Crystal ball gazing is an entertaining but hazardous occupation and let’s be honest, who accurately predicted that a 40% drop in the price of crude oil lay ahead? That said, heading in to 2015 there are certain steps which can be taken to ensure the UKCS is sustainable and competitive on the assumption of a low oil price in the mid-term.
If Chancellor George Osborne wanted to show the energy industry some genuine New Year resolution he would without delay consider further tax cuts. The North Sea industry is not going to end tomorrow, contrary to the hysterical declaration of some pundits, but the new landscape in which we operate has brought in to sharp focus the question of why the tax burden remains so high. Contrast this with other industries which have had ongoing support, for example the initiatives to reintroduce car manufacturing in to some UK regions, and it’s little wonder E&P companies feel aggrieved. Successive governments have failed to understand the requirement for a mature, long-term energy policy, instead taking a short-term view involving regular tinkering with tax rates. I would hope that has now come to an end and Mr Osborne will take a more progressive approach in 2015 to show support for what is one of the country’s most important industries.
The big challenge in the months and years ahead is in ensuring we continue to have sustainable domestic production which allows us to continue to develop a supply chain which is relevant and world class. One of key themes to emerge from the Wood Report was the need for greater collaboration, and while there has been well-meaning and wide ranging statements of good intent, that must be transformed in to action.
Looking back over recent years – always easier than looking ahead – it could be argued too much focus was put on the massive numbers being spent on capital expenditure, with less attention paid to efficiencies. Historians may look back and take the view this price collapse was in some ways fortunate, as there is nothing like a seismic shift to focus the mind and bring about change.
The new industry regulator, the Oil and Gas Authority (OGA), has to play a central role in working together in 2015 ‘for the greater good’. There is certainly an eagerness from the industry to become engaged with the OGA, but that is hampered by practical challenges, with the required legislation still to be passed by Parliament and the recruitment of Andy Samuel’s team to be completed. The Government is doing what it can, but it is imperative that the OGA is up and running as quickly as possible and using the powers envisaged in the Wood Report for the benefit of all engaged in exploration, production and decommissioning.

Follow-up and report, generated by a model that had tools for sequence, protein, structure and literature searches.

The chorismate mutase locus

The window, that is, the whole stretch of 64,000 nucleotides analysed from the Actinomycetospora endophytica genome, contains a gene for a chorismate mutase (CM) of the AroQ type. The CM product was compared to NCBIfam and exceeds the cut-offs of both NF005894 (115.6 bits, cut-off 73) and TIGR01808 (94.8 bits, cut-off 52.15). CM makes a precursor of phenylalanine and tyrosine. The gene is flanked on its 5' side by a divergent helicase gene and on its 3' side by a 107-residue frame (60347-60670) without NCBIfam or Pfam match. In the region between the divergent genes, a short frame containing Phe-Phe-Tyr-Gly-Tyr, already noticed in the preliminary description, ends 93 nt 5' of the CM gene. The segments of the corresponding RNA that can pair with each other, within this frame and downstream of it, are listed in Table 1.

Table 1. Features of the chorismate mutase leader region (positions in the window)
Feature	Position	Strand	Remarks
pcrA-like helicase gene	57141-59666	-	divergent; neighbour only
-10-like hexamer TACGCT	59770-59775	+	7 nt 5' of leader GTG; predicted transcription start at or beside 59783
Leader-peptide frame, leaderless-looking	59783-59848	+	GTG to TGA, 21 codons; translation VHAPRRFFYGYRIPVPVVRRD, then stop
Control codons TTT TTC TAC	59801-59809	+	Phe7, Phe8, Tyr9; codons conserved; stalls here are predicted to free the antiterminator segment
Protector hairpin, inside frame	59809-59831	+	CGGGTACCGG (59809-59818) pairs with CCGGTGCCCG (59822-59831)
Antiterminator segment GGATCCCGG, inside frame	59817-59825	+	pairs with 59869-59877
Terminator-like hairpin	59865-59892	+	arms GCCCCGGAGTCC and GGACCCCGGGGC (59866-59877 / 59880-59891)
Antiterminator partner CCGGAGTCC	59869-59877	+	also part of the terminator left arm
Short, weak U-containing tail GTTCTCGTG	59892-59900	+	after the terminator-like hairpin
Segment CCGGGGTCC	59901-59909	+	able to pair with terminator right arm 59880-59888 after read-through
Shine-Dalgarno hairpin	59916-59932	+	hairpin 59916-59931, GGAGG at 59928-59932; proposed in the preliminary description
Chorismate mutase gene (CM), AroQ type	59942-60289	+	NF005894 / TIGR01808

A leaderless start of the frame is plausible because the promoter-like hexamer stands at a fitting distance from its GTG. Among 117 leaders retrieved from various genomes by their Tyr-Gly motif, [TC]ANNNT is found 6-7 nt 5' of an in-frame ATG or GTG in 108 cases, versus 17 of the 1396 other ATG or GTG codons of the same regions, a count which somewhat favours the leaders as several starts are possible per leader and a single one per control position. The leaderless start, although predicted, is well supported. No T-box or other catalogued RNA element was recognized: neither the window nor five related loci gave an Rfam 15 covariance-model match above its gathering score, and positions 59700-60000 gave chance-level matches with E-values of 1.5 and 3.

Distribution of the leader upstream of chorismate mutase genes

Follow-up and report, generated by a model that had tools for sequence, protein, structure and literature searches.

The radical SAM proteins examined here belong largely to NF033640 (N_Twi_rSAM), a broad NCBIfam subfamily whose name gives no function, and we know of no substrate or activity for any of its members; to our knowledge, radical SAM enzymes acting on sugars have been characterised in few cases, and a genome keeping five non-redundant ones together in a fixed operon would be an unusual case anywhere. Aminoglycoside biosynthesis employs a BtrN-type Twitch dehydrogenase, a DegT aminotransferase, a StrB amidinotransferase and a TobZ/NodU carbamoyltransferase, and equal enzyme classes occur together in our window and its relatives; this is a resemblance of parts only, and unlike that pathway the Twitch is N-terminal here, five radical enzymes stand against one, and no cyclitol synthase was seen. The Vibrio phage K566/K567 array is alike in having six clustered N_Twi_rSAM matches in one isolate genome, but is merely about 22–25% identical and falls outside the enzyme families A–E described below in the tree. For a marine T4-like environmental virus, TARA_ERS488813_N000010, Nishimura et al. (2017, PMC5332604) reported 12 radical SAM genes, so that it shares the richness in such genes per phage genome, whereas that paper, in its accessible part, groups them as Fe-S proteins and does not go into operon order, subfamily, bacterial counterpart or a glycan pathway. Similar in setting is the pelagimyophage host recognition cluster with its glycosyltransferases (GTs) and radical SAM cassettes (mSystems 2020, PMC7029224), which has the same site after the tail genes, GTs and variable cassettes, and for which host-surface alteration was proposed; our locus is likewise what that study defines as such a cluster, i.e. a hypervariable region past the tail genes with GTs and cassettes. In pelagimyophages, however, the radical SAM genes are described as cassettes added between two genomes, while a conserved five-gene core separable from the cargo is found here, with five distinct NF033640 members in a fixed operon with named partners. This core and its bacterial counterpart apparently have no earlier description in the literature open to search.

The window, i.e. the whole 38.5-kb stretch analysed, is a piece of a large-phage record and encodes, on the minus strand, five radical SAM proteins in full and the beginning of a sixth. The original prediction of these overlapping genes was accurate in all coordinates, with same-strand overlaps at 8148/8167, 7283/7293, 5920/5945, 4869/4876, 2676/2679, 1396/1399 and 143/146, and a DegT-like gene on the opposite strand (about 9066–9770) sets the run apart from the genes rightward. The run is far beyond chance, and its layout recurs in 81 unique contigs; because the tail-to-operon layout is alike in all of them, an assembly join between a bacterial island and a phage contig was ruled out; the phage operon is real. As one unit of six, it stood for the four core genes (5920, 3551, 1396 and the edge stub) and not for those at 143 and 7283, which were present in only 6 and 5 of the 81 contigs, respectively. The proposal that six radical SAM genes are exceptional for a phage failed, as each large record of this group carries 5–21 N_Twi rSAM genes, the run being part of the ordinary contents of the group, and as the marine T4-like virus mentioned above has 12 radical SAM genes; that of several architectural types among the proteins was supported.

With such a dramatic drop in the price of any commodity, there will be winners and losers. In 2015, we will undoubtedly see more consolidation, with mergers and acquisitions coming to the fore in the E&P sector. The more prudent players who have built up cash reserves or have a very strong balance sheet, will be by definition, in it for the long game and will in this next 12-24 months be eyeing up opportunities. Those facing a more torrid time are the companies with a high level of gearing or weak cash flow, and they are at risk of becoming potential targets.
The international ownership of the UKCS is constantly changing and in recent years we have seen first time market entrants from China and Hungary. Global investors can justifiably continue to take a keen interest in the North Sea if they are confident we have in place a strong regulatory and fiscal framework which protects investment.
There has been speculation that a lower oil price makes it less attractive to pursue other energy sources but that view is short-term and short-sighted. We need a balanced energy mix to ensure continuity and security of supply and this is not the time to ease up on the development of alternative energy sources.
While the oil price is a concern, let’s not forget the global demand for oil and gas remains high and we still have significant hydrocarbon resources in the UK, backed up by a world-class supply chain. You don’t need a crystal ball to predict the UK will continue to be a significant producer of oil and gas for the foreseeable future, provided all stakeholders work together towards that common goal.
Bob Ruddiman is the head of Energy & Natural Resources at legal firm Pinsent Masons.